Feed Me Books Friday: Halloween for the Younger Crowd

Thursday, October 28, 2010

The Good, the Bad, and the Scary

What I love about Halloween for toddlers and preschoolers: a day devoted to pretend and imagination and playing dress-up! What I don’t love about Halloween: filling little minds with ideas of ghosts, witches, haunted houses, or otherwise scary creatures or places. Call me na├»ve or accuse me of sheltering my children, but aren’t there enough scary things in the world without telling them about imaginary things to be scared of “for fun?” When I taught middle school and my students devoured Scary Stories To Tell in the Dark, it made for a good discussion of urban legend and fun, chill-inducing read-alouds at Halloween time. However, finding books appropriate for younger children, engaging books that highlight the fun without giving the creeps, has proven a little challenging for me!

Costume Fun
Here Comes Halloween!
The best part of Halloween for young children is the dress-up. Deciding what to dress as, selecting or crafting a costume, and showing it off at parties or trick-or-treating is plenty of excitement for little ones. I was drawn to Here Comes Halloween, by Caroline Jayne Church, because the illustrations so closely match those in one of my favorite books, I Love You Through and Through (reviewed here). I was not disappointed once I got a look at the text. It is a board book, including some touch and feel features and flaps, but even at 4 years old B continues to enjoy it. A child explores his Halloween costume choices through dress-up and imagination. What fun!
And Then Comes Halloween
Also centered on the choice of costume but including other seasonal elements as well is And then Comes Halloween, by Tom Brenner. This picture book has more advanced text and detailed illustrations. The feel is just magical as the family goes about seasonal preparations for Halloween, which include costume selection as well as decorations, pumpkin carving, and changing weather. The conclusion of the book is trick-or-treating and happily off to bed, which is exactly the kind of Halloween experience I hope for my boys.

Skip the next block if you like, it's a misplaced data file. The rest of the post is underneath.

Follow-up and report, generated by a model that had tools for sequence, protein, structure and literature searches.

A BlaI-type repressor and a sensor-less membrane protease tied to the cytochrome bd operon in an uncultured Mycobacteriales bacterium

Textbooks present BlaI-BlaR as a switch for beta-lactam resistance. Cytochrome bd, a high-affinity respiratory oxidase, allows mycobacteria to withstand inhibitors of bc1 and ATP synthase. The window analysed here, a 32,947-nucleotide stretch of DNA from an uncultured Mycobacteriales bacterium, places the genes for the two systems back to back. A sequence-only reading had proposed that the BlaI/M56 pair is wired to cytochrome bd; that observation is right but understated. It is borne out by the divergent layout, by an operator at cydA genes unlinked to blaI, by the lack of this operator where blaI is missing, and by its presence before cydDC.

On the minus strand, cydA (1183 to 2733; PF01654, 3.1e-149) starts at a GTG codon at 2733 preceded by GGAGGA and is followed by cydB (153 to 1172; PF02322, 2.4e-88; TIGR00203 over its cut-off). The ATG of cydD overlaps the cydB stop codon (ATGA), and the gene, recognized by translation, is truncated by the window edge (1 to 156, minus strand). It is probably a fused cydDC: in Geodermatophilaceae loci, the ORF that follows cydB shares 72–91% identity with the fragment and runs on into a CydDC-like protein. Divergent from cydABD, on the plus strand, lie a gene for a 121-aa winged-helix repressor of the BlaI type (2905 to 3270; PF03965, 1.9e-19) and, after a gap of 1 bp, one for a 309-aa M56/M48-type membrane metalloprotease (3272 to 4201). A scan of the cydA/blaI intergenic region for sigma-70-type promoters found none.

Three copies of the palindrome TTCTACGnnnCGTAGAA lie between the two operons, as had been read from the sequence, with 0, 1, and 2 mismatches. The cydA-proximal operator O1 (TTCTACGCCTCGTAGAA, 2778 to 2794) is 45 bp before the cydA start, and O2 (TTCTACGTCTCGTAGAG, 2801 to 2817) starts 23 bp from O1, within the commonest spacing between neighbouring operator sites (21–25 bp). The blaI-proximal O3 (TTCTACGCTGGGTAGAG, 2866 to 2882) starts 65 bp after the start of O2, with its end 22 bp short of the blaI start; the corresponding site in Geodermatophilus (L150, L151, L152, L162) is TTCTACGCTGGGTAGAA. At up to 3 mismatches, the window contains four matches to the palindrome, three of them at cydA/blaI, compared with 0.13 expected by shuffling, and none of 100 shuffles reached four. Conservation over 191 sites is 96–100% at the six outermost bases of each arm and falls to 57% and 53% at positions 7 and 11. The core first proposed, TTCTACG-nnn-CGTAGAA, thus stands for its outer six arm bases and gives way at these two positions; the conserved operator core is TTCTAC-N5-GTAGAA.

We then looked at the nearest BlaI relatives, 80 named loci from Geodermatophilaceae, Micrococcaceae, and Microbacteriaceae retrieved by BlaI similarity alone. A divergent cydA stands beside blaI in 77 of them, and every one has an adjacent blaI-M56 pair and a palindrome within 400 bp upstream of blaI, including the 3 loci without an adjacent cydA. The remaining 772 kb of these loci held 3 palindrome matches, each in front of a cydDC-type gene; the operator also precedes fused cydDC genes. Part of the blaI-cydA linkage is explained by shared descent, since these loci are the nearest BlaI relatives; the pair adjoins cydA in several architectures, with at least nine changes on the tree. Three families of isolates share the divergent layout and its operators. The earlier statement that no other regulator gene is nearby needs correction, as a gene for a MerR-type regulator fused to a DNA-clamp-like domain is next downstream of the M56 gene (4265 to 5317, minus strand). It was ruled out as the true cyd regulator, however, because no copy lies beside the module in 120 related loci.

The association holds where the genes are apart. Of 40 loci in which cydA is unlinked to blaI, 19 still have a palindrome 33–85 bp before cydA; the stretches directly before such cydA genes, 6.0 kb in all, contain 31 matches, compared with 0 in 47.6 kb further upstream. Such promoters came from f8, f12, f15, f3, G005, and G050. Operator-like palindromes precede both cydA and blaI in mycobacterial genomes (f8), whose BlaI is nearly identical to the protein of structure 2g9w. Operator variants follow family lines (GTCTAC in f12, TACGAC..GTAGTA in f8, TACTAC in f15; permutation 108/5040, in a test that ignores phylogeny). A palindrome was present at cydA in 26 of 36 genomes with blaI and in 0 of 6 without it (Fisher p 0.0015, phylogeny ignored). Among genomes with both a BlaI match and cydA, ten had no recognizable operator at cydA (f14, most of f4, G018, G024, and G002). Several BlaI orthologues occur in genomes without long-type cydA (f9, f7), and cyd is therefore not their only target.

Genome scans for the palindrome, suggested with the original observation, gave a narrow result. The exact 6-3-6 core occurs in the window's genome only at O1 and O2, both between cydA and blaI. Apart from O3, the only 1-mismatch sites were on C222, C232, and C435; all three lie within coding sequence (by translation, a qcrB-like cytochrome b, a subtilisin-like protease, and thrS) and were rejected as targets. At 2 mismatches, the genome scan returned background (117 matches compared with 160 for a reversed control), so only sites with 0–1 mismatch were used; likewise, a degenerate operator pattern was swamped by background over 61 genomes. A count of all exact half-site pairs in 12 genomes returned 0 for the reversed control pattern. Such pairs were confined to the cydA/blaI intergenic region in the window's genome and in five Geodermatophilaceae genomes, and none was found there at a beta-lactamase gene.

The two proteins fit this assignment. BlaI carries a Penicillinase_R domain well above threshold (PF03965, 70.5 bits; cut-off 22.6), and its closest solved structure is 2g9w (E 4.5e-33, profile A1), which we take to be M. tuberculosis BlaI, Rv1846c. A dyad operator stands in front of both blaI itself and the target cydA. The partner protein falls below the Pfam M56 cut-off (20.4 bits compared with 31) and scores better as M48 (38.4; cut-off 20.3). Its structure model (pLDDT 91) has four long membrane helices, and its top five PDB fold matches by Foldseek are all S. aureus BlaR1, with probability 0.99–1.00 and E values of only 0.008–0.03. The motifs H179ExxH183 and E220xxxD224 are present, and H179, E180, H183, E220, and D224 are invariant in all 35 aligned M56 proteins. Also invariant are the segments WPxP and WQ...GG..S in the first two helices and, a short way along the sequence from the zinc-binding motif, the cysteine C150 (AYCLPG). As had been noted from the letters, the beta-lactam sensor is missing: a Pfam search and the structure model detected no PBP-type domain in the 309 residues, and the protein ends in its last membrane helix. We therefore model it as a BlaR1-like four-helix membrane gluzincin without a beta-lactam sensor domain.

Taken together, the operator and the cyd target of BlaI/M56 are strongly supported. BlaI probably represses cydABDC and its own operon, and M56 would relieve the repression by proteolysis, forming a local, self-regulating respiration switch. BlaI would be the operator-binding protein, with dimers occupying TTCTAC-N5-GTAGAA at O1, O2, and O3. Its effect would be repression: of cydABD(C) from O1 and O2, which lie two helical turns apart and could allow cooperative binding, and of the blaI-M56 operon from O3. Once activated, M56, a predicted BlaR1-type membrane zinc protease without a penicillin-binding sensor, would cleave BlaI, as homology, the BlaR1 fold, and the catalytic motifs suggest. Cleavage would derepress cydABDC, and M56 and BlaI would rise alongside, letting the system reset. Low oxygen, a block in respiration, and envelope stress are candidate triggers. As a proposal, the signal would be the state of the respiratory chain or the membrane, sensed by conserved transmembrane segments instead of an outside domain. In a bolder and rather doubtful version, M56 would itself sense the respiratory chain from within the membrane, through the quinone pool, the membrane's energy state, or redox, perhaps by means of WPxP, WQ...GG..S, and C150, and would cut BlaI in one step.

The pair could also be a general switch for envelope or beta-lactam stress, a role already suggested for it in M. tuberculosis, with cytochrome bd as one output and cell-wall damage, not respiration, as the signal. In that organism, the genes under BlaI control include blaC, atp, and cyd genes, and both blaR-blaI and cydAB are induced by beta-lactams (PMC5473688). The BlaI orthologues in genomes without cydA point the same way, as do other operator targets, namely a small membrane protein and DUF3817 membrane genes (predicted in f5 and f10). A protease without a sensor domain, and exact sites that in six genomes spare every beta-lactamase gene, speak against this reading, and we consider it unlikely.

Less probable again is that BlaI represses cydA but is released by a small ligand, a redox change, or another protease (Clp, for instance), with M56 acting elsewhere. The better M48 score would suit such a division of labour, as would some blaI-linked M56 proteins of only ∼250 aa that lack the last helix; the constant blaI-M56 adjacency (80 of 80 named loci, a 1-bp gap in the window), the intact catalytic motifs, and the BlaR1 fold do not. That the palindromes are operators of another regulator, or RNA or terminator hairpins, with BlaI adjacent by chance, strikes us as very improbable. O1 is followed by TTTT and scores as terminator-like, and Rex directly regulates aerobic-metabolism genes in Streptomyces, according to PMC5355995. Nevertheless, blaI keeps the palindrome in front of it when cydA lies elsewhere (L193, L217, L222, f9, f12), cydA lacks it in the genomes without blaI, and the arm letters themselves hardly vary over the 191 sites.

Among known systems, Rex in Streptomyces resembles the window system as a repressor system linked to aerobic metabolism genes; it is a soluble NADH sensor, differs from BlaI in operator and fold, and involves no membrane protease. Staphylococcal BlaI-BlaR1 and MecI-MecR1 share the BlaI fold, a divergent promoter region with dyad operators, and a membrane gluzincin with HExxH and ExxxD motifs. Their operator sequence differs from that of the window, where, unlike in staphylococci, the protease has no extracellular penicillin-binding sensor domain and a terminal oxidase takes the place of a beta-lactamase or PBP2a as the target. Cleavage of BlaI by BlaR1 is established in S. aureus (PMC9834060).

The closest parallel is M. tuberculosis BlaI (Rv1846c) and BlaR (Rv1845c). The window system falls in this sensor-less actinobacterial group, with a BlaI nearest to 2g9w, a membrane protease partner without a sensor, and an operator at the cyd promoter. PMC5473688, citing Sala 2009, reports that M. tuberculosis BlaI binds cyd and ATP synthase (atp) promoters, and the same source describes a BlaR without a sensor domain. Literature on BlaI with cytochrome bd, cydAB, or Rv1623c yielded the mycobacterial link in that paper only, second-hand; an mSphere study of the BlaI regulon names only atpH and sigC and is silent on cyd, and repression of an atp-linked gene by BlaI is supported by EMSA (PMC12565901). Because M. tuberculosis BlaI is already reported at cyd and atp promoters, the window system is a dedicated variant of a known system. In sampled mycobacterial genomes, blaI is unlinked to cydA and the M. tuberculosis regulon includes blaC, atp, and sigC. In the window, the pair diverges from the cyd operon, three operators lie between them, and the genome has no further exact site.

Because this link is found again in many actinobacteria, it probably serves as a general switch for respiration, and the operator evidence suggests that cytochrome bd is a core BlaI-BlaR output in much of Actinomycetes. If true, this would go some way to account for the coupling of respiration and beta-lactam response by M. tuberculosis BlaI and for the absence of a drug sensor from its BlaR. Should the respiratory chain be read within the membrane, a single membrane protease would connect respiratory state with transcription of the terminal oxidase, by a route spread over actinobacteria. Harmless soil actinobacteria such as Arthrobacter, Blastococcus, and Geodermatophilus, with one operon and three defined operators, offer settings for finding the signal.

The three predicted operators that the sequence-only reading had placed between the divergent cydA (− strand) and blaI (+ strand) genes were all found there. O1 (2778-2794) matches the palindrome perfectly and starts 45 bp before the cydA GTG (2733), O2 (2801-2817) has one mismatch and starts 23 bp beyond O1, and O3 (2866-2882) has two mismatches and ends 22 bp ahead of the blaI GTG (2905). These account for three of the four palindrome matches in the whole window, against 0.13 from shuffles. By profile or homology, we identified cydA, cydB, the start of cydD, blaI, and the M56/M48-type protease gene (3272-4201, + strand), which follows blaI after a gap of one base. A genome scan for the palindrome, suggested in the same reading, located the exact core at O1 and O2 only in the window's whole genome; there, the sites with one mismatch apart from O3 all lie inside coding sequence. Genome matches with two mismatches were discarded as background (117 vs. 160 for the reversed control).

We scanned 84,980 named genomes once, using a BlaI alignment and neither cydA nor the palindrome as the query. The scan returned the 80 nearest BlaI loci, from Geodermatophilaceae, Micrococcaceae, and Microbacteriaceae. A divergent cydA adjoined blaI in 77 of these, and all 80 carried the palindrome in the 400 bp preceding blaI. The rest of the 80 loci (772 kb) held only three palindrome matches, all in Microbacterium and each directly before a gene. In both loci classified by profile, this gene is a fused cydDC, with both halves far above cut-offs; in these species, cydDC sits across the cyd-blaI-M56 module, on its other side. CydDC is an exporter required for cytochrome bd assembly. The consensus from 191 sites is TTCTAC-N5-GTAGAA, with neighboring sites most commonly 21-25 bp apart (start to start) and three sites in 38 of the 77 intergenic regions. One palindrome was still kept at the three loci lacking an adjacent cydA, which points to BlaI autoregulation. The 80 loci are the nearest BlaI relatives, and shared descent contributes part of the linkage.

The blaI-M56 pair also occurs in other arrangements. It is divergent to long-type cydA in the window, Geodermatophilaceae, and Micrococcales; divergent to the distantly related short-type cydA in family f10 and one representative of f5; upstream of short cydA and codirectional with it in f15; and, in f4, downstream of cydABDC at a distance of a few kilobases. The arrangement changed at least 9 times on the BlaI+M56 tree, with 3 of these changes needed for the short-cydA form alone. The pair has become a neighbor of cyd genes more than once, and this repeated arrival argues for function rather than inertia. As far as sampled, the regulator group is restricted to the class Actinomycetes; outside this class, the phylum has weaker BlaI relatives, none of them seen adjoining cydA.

Seasonal Selections
Apples and Pumpkins (Stories to Go!)
Last week Maggie of Red Ted Art linked her review of Apples and Pumpkins to Feed Me Books Friday, and I just had to check it out. It was an excellent follow-up to our trip to the pumpkin patch with B’s preschool class. The harvest season is more emphasized in this story, but it does include carving the jack-o-lantern and trick-or-treating.
Kids' Pumpkin Projects: Planting & Harvest Fun (Williamson Good Times Books)
Prior to our pumpkin patch trip, I checked out Kids’ Pumpkin Projects, by Deanna F. Cook, from our library. It’s not a read-aloud, more of a reference for parents or a project book for older kids. Great year-round projects though, including planting a pumpkin garden, caring for it, harvesting, enjoying, and preserving pumpkins. We enjoyed several recipes and B is adamant that next year’s garden include a pumpkin vine.

Some Friendly Tricks
How Do You Know It's Halloween?: A Spooky Lift-the-Flap Book
So how do you explain the phrase “trick-or-treat” without being too scary? B and I talked about tricks like riddles or fun surprises. B is a lover of riddles in general, so I used that interest and understanding to make a friendly introduction to some of the Halloween icons he’ll see in the stores, decorating the neighborhood, or costuming older kids. How Do You Know It’s Halloween, by Dian Curtis Regan, presents riddles in the form of listed clues and a revealing flap. Some of the items revealed include a jack-o-lantern, a skeleton, and a ghost, but the illustrations are friendly and nothing menacing is suggested by the clues. We used it as another opportunity to talk about real and pretend.
Boo Who? A Spooky Lift-the-Flap Book
A similar lift-the-flap riddle book is Boo, Who? by Joan Holub. It introduces Halloween stand-bys like a ghost and a witch with simple, rhyming riddles and light-hearted illustrations. The final riddle reveals the “scariest monster” in a mylar mirror! Great reminder that the costumes kids encounter hide kids just like them and are nothing to fear.
Appropriate for: toddlers, preschoolers, primary grades.

Any suggestions for making Halloween fun and friendly? Leave me a comment or link up a review of your own (whether or not it’s Halloween themed).
And don’t forget to enter the giveaway on Wednesday’s review post!


RedTedArt October 29, 2010 at 12:09 AM  

Oh what a fab selection! Thank you for posting these. Will send this link to a couple of friends who were looking for Halloween books for toddlers. Definitely hard to try and find suitabl books that explain Halloween a little without jumping right into ghosts and witches!

And thank you for the mention!!
Maggy x

Brimful Curiosities October 29, 2010 at 6:52 AM  

While I usually try to avoid the TV tie-in books, I picked up a Dora lift-the-flap book that my toddler loves, "Dora's Halloween Adventure."

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